Canada Economy Begins to Stall as Higher Interest Rates Bite

Canada Economy Begins to Stall as Higher Interest Rates Bite

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(Bloomberg) — Canada’s economy geared down as expected in the first quarter, reinforcing the central bank’s decision to stop raising interest rates.

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Preliminary data suggest gross domestic product contracted 0.1% in March, led by decreases in retail, wholesale and mining sectors, Statistics Canada reported Friday in Ottawa. That followed a 0.1% expansion in the previous month, slightly weaker than expectations for 0.2% growth in a Bloomberg survey. 

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Overall, the monthly gains point to annualized growth of 2.5% in the first quarter, according to an initial estimate from the statistics agency. Though it will likely be revised, that’s roughly in line with the 2.3% pace projected by the Bank of Canada earlier this month. 

Bonds rallied, pushing the yield on Canada’s two-year benchmark bond down to 3.684% as of 8:44 a.m. Ottawa time.

The numbers will give Governor Tiff Macklem and his officials some confidence as they look for evidence that monetary policy is sufficiently restrictive to bring inflation back to the central bank’s 2% target at the end of 2024. Signs of cooling growth, employment and underlying price pressures will keep them on the sidelines.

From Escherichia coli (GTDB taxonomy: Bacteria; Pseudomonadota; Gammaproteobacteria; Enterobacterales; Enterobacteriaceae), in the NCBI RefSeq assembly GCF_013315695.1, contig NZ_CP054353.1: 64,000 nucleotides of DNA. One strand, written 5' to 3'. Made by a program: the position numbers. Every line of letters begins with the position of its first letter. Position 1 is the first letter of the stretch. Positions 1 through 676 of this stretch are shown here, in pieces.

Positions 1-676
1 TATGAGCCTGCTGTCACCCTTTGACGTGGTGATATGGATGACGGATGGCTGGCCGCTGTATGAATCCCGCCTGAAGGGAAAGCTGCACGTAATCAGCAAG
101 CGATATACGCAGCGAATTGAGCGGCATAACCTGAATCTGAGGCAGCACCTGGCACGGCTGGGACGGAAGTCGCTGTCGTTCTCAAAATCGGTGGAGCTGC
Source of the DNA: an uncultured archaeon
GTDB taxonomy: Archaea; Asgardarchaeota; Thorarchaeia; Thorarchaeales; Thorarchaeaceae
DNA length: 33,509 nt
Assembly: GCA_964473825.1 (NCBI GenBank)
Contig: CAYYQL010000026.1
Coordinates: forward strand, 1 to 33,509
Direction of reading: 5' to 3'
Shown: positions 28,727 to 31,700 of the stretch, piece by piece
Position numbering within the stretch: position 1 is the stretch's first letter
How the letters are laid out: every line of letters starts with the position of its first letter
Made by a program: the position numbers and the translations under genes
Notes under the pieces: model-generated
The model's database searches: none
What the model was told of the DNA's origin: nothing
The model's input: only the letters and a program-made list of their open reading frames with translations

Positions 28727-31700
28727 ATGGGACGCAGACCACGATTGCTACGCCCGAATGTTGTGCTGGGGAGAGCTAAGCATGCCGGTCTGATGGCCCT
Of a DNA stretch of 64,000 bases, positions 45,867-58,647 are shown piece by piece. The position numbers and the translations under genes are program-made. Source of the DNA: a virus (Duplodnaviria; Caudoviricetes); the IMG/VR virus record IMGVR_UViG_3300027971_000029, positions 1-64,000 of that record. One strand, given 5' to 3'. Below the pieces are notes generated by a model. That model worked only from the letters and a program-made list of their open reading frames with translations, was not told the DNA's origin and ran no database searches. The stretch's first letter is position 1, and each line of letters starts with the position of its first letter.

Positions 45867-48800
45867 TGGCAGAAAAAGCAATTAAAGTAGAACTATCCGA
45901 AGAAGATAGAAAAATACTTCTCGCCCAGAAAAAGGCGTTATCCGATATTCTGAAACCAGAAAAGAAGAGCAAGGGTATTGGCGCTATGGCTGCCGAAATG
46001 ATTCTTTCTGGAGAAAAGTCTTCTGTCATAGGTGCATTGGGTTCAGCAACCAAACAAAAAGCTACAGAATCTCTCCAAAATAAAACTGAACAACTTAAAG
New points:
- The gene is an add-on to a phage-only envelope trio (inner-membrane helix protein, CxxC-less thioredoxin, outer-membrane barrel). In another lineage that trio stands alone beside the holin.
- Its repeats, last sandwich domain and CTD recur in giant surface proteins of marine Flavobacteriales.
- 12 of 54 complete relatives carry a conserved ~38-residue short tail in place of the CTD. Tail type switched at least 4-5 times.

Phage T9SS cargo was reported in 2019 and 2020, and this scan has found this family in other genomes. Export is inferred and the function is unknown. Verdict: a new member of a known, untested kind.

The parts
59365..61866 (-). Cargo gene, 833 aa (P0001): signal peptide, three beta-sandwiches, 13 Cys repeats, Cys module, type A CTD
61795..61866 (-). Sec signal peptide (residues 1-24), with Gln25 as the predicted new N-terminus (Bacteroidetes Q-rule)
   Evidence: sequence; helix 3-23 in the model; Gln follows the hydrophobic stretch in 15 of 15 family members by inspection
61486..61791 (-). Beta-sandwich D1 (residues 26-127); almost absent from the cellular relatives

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During their deliberations ahead of the April 12 decision to hold the benchmark overnight rate at 4.5%, policymakers considered raising borrowing costs higher, citing stronger-than-expected growth and still-elevated core inflation. But they opted to stand pat, expecting that pressures on the labor market and consumer prices will ease in the months ahead.  

“The shaky March data will reinforce the Bank of Canada’s decision to hold rates steady at its last policy announcement,” Royce Mendes, head of macro strategy at Desjardins Securities, said in a report to investors. “That said, it’s not yet enough to move central bankers to completely close the door to future rate increases.” 

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In February, the public sector expanded 0.2%, up for the thirteenth straight month. The construction industry grew 0.3%, while wholesale, retail, and manufacturing declined by 1.3%, 0.5% and 0.1%, respectively. 

(Updates with more details, economist comments and market reaction.)

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